News media and pundits too frequently perpetuate the notion that Latinos, particularly Mexicans, are an invading force bent on reconquering land once their own and destroying the American way of life. In this book, Leo R. Chavez contests this assumption's basic tenets, offering facts to counter the many fictions about the "Latino threat." With new discussion about anchor babies, the DREAM Act, and recent anti-immigrant legislation in Arizona and other states, this expanded second edition critically investigates the stories about recent immigrants to show how prejudices are used to malign an entire population—and to define what it means to be American.
About the author
Leo R. Chavez is Professor of Anthropology at the University of California, Irvine. He is the author of Shadowed Lives: Undocumented Immigrants in American Society (1998) and Covering Immigration: Popular Images and the Politics of the Nation (2001).
"[The Latino Threat's] very breadth also opens new terrain for more detailed study and theorization. Chavez identifies pervasive, historically rooted myths and fears of immigrants, and specifically Latinos, in Anglo-American culture and its mainstream media . . . [I]t productively exposes the problematic discursive roots of much North American common sense in a way that a more narrowly focused study could never do. This is its real contribution and likely the reason the first edition proved so popular at the upper undergraduate level . . . Chavez deploys substantial, convincing data illustrating contemporary Latino cultural changes that belie the threat discourse; one can only hope that his message can shine a light on the pervasive presumptions of these Latino threat narratives."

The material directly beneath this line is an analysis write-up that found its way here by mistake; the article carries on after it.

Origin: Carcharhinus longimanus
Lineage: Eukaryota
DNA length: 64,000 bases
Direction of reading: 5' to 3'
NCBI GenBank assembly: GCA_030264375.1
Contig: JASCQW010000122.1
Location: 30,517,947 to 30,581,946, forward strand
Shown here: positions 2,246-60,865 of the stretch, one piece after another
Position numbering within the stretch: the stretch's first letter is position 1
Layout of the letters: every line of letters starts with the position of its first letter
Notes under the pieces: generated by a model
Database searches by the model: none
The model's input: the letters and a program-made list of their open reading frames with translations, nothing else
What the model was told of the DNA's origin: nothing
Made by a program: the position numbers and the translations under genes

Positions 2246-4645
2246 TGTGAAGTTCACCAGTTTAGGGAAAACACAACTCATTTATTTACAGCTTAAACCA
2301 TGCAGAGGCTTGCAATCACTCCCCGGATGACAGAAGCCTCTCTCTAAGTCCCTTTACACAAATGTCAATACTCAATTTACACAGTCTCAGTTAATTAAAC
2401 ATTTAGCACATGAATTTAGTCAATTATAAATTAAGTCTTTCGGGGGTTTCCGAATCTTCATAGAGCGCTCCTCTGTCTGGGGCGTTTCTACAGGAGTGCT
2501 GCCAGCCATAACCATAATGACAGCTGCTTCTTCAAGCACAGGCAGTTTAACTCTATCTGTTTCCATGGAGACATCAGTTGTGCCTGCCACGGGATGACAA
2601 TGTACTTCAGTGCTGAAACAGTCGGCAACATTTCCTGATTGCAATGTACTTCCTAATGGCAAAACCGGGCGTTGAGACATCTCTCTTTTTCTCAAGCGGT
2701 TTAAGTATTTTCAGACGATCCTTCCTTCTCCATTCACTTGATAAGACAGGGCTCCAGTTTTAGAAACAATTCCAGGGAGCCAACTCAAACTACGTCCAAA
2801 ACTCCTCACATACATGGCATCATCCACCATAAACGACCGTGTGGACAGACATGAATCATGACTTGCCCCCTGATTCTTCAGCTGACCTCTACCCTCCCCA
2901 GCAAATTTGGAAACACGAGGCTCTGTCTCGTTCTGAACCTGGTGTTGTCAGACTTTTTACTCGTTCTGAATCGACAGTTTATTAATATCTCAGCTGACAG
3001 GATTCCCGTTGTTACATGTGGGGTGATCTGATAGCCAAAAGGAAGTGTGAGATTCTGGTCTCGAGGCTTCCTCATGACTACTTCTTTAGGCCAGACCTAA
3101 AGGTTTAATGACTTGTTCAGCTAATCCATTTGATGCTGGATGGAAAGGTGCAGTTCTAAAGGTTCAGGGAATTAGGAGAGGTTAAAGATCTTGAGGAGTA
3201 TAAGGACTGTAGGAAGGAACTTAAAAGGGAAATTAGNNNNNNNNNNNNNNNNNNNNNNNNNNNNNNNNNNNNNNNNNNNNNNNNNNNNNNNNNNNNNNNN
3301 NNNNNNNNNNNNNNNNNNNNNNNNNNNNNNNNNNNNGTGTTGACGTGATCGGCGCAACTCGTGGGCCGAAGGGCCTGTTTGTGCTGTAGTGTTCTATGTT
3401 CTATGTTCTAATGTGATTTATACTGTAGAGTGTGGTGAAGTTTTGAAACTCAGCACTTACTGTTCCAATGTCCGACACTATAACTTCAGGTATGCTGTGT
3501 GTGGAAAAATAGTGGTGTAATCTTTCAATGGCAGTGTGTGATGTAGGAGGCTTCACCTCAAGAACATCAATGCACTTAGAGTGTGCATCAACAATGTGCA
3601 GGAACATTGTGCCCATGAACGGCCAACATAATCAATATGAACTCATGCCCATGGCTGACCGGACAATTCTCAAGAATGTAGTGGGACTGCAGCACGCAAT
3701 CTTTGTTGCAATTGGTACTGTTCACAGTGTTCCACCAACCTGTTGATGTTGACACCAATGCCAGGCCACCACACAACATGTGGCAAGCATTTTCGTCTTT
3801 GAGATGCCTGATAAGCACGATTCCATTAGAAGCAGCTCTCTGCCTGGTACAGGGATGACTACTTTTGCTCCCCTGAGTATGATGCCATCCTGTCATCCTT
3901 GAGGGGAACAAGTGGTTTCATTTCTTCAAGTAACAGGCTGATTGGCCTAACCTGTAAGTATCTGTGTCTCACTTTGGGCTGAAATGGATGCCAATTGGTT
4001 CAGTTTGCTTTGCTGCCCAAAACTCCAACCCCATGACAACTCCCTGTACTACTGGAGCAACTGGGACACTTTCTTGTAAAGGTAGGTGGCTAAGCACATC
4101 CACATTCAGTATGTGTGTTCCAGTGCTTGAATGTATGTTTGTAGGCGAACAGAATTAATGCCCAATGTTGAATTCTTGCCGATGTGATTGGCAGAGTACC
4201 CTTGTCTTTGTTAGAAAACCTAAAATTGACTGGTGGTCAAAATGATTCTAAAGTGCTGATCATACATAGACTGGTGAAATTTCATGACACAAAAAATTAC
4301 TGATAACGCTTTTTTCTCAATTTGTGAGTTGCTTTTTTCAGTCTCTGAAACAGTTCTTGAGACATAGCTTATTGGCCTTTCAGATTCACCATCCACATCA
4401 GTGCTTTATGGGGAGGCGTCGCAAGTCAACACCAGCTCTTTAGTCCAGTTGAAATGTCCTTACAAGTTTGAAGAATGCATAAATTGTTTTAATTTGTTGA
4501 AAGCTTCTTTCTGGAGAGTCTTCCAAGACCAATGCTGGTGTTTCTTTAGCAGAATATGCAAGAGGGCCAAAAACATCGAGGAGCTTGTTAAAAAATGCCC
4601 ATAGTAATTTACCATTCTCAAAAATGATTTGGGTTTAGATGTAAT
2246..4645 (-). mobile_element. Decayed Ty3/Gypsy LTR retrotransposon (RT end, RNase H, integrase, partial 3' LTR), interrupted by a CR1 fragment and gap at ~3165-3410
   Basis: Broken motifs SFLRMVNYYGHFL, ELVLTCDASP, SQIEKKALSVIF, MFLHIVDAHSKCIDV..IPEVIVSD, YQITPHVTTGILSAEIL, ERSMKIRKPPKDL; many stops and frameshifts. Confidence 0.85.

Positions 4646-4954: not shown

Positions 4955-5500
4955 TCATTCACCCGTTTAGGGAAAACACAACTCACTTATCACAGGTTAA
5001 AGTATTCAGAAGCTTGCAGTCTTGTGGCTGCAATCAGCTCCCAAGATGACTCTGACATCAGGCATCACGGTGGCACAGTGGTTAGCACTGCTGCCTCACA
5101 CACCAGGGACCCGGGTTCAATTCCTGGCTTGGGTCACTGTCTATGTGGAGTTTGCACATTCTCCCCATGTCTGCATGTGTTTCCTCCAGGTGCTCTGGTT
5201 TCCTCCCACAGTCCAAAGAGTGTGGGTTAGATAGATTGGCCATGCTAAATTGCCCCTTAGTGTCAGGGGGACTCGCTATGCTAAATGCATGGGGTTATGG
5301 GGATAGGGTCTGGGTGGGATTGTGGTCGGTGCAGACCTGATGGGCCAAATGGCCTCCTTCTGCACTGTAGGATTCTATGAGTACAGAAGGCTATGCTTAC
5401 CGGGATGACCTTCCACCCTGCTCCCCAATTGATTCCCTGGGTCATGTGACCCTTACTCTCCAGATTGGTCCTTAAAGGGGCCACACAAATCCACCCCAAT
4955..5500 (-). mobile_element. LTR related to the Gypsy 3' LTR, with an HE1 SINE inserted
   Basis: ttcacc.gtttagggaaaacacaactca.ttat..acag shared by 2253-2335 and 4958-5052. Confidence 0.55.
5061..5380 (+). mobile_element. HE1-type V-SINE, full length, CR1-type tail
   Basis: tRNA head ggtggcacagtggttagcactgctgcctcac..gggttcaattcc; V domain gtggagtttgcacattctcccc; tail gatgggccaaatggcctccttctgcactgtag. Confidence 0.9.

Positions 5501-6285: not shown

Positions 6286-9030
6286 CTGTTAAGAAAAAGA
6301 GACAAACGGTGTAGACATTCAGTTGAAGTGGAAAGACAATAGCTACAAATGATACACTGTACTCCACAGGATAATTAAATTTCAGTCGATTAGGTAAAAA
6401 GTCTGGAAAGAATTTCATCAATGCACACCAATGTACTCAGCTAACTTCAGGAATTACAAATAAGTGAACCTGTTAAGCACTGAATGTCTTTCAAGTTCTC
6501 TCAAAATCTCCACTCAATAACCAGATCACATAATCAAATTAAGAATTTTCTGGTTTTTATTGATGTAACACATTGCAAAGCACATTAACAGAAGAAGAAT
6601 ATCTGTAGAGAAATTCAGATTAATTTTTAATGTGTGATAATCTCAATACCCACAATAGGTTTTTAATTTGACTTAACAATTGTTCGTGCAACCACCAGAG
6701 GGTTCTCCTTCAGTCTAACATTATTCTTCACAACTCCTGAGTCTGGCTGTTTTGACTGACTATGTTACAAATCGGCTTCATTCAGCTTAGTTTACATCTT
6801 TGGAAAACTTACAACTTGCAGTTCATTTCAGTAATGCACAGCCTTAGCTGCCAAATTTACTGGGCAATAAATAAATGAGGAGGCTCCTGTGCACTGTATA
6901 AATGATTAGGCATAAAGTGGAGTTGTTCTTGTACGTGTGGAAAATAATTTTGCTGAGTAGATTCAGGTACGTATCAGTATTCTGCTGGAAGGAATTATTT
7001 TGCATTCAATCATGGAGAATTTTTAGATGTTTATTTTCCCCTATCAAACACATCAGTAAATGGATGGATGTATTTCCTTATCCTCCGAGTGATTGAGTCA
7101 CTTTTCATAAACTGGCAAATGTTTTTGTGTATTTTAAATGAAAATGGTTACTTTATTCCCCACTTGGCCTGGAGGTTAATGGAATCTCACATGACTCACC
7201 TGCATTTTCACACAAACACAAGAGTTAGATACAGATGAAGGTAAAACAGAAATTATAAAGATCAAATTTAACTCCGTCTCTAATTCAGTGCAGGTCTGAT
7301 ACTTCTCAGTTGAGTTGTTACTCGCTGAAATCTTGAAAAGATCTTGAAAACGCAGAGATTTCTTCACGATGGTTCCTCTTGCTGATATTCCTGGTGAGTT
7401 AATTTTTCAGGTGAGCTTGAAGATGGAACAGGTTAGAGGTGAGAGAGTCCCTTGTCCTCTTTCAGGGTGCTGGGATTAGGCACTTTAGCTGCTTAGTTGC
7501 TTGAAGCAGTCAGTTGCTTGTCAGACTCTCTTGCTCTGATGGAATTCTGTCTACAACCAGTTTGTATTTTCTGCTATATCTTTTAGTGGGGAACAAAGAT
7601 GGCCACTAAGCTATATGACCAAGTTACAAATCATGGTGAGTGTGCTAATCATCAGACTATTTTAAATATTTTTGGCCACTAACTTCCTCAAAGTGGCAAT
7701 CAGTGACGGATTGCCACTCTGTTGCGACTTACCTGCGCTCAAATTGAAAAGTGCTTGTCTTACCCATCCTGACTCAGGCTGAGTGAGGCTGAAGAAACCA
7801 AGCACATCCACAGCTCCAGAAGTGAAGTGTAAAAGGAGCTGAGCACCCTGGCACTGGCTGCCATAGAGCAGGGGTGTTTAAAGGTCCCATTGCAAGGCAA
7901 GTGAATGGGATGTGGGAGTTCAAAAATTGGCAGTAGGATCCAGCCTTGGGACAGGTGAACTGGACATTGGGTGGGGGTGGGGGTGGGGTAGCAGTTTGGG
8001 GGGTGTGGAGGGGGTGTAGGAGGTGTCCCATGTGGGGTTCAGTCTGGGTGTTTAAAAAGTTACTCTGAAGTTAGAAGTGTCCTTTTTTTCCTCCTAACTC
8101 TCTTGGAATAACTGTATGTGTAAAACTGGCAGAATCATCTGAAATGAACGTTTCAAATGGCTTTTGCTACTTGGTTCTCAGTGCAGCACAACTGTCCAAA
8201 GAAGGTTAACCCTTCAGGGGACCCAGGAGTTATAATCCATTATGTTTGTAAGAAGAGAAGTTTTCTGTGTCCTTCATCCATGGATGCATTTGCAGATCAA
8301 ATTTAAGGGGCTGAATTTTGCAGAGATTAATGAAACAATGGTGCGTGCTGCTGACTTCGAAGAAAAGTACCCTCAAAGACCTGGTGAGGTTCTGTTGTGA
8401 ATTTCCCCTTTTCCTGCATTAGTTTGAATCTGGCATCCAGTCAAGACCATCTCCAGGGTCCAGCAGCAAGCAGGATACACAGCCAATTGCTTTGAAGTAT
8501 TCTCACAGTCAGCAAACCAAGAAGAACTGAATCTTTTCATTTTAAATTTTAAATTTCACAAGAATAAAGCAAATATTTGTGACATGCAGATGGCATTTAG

—Paul Ryer, Latin American Research Review
"The time is certainly ripe for a second edition to Leo Chavez's Latino Thread, which is replete with updated information on draconian immigration laws, as well as coverage of the presidential debates of 2012, which showcased the vituperative and vitriolic discourse of the Latino Narrative Threat . . . The Latino Threat is accessible and essential reading for students and professionals alike, and fosters advocacy for policy change, as well as the need to understand the psychologically and emotionally damaging repercussions of structural racism and nativist discourse practices, and their effects on provision of language access, health disparities, and social services for Latino immigrants."
—Catherine Carballeira, Journal of Sociology and Social Welfare
Praise for the First Edition: "Leo R. Chavez makes a forceful case for the proposition that Latino immigration to the United States is everything its supporters and opponents say it is—and much more. There is no secret reconquest conspiracy among Mexican immigrants—but Chavez also highlights the more subtle effect: Latino immigrants are changing the culture of the United States in much the same way as did every previous surge of new residents. This is a book with rich rewards for the serious student of the entire phenomenon of Latino immigration into the United States."
—Bill Richardson, Former Governor of New Mexico
Praise for the First Edition: "Leo Chavez has produced a superb, well-argued, and thought provoking book. Tackling subjects such as the Minutemen in Arizona, immigrant marches, Latino reproduction, and organ transplants, the book not only sheds a critical light on how, through the mass media, Latinos have been constructed as illegitimate members of society, it also provides powerful evidence to undermine the taken-for-granted truths marshaled to marginalize this population."
Praise for the First Edition: "In this tour de force volume, Leo Chavez offers a penetrating analysis of how Latinos have been socially constructed as a threat to the American nation by bigoted political actors for their own cynical purposes and draws expertly on logic, facts, and reason to expose the mythical threat for the intellectual fraud and moral travesty that it truly is."
—Douglas S. Massey, Princeton University
"Chavez offers us a thoughtful analysis of conflicts over the meaning of citizenship in an increasingly globalized world. In an era of debate over immigration reform, this book is essential reading for scholars, policy makers, and a thoughtful public alike." —Caroline B. Brettell, Southern Methodist University